The Earth is the only world known so far to harbor life. There is nowhere else, at least in the near future, to which our species could migrate. Visit, yes. Settle, not yet. Like it or not, for the moment the Earth is where we make our stand.
It has been said that astronomy is a humbling and character-building experience. There is perhaps no better demonstration of the folly of human conceits than this distant image of our tiny world. To me, it underscores our responsibility to deal more kindly with one another, and to preserve and cherish the pale blue dot, the only home we’ve ever known.
Almost everything–all external expectations, all pride, all fear of embarrassment or failure–these things just fall away in the face of death, leaving only what is truly important. Remembering that you are going to die is the best way I know to avoid the trap of thinking you have something to lose. You are already naked. There is no reason not to follow your heart.
A man must choose a path which will let his ABILITIES function at maximum efficiency toward the gratification of his DESIRES. In doing this, he is fulfilling a need (giving himself identity by functioning in a set pattern toward a set goal) he avoids frustrating his potential (choosing a path which puts no limit on his self-development), and he avoids the terror of seeing his goal wilt or lose its charm as he draws closer to it (rather than bending himself to meet the demands of that which he seeks, he has bent his goal to conform to his own abilities and desires).
In short, he has not dedicated his life to reaching a pre-defined goal, but he has rather chosen a way of life he KNOWS he will enjoy. The goal is absolutely secondary: it is the functioning toward the goal which is important.
Hunter S Thompson
It doesn’t interest me what you do for a living.
I want to know what you ache for
and if you dare to dream of meeting your heart’s longing.
It doesn’t interest me how old you are.
I want to know if you will risk looking like a fool
for your dream
for the adventure of being alive.
It doesn’t interest me what planets are squaring your moon…
I want to know if you have touched the centre of your own sorrow
if you have been opened by life’s betrayals
or have become shriveled and closed
from fear of further pain.
I want to know if you can sit with pain
mine or your own
without moving to hide it
or fade it
or fix it.
I want to know if you can be with joy
mine or your own
if you can dance with wildness
and let the ecstasy fill you to the tips of your fingers and toes
without cautioning us to
remember the limitations of being human.
It doesn’t interest me if the story you are telling me
I want to know if you can
to be true to yourself.
If you can bear the accusation of betrayal
and not betray your own soul.
If you can be faithless
and therefore trustworthy.
I want to know if you can see Beauty
even when it is not pretty
And if you can source your own life
from its presence.
I want to know if you can live with failure
yours and mine
and still stand at the edge of the lake
and shout to the silver of the full moon,
It doesn’t interest me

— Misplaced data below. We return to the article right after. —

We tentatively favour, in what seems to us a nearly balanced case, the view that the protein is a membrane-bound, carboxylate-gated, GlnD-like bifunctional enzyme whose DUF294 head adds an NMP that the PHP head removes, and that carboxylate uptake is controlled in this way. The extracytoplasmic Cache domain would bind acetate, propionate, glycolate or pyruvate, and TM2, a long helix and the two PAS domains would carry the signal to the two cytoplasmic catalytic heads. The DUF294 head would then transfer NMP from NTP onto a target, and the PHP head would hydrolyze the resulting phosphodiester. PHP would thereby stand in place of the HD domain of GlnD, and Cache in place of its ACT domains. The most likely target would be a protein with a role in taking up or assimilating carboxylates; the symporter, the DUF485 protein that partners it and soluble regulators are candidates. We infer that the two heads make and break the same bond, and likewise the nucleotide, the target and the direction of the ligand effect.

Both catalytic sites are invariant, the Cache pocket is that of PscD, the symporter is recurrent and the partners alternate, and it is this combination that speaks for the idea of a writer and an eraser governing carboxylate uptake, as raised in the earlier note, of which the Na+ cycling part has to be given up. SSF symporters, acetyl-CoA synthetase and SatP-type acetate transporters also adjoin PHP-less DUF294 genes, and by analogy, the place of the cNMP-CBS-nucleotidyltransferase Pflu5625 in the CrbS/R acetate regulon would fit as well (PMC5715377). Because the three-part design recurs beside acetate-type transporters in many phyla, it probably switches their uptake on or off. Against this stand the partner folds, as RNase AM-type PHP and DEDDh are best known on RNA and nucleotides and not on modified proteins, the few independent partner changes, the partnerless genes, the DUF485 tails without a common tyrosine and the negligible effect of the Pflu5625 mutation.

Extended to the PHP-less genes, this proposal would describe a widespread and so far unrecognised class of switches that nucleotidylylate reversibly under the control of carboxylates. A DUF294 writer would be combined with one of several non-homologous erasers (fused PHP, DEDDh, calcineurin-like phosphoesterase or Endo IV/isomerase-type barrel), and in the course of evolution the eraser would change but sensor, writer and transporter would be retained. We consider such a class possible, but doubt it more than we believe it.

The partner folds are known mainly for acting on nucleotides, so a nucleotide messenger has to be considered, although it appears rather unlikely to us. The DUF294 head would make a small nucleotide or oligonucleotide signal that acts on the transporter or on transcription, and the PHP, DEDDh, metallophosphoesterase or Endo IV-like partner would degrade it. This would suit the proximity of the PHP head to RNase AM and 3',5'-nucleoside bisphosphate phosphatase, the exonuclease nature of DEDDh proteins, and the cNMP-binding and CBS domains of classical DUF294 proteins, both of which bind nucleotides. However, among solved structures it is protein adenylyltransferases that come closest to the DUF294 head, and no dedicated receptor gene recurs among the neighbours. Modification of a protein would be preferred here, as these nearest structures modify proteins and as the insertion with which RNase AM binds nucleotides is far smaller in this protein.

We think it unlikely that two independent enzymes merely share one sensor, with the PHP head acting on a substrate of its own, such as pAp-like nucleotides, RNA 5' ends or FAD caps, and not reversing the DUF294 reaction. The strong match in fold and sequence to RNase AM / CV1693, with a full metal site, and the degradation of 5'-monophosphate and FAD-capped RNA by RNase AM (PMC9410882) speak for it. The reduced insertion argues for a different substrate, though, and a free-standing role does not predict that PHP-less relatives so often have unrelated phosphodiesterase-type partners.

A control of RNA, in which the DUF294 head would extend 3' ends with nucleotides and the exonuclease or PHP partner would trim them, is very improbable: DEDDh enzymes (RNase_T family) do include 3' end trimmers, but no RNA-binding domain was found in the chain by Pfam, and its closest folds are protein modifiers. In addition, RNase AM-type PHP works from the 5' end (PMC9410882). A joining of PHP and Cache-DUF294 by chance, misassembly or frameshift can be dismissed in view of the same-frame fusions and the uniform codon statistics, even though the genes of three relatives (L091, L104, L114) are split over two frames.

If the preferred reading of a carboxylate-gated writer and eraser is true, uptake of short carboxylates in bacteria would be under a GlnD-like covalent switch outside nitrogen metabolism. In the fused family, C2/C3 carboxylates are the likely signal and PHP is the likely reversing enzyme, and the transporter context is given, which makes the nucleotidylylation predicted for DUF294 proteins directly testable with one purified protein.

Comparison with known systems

to know where you live or how much money you have.
I want to know if you can get up
after the night of grief and despair
weary and bruised to the bone
and do what needs to be done
to feed the children.
It doesn’t interest me who you know
or how you came to be here.
I want to know if you will stand
in the centre of the fire
and not shrink back.
It doesn’t interest me where or what or with whom
you have studied.
I want to know what sustains you
from the inside
when all else falls away.
I want to know if you can be alone
and if you truly like the company you keep
in the empty moments.
~Oriah The Mountain Dreamer
I’m sort of saddened by the loss of my belief in a religion. It’s like leaving forever the comfort of your childhood home suffused with the warm glows and fond memories. But I do believe we all have to grow up. It’s difficult for many, it’s unbearable to the few, but we have to see the world as it really is. We have to stop thinking in terms of magic.
As Francis would have put it, this is a story for grown men, not a consoling tale for children.
So here I am seven years later, I’m a highly organized pattern of mass and energy, one of seven billion. In any objective accounting of the universe, I’m practically nothing, and soon I’ll cease to be. But the certainty of my own demise, the certainty of my own death, sort of somehow makes my life more meaningful, and I think that is as it should be. I find myself born into this universe, it’s a wonderful place, it’s a strange place, it’s also scary and a sometimes lonely place.
What I try to do every day in my work…I try to discern through its noisy manifestation, I try to discern the people, the dogs, trees, mountains, stars, everything I love, I try to discern the eternal music of the spheres.
Thicker than water intro (a film by Jack Johnson)
Einstein didn’t have the advantage of much technology with which to conduct experiments, yet he discovered ground-breaking physical laws of our universe. He basically did it all in his head. That’s an inspiring testament to the power of the human mind.
Also…he didn’t accept things without examination. He asked “why?”, thought critically, and sought objective, verifiable evidence.
The history of our universe, its elements, chemistry, and only 3.5 billion years of evolution leading to empathizing, problem-solving consciousness is inspiring. (Not just human consciousness, but all creatures.) The insane complexity of solar systems, ecosystems, and nervous systems makes me lose my breath in excitement when contemplating their incredible roads of formation…I could shake people on the street and scream, “Can you believe this?!”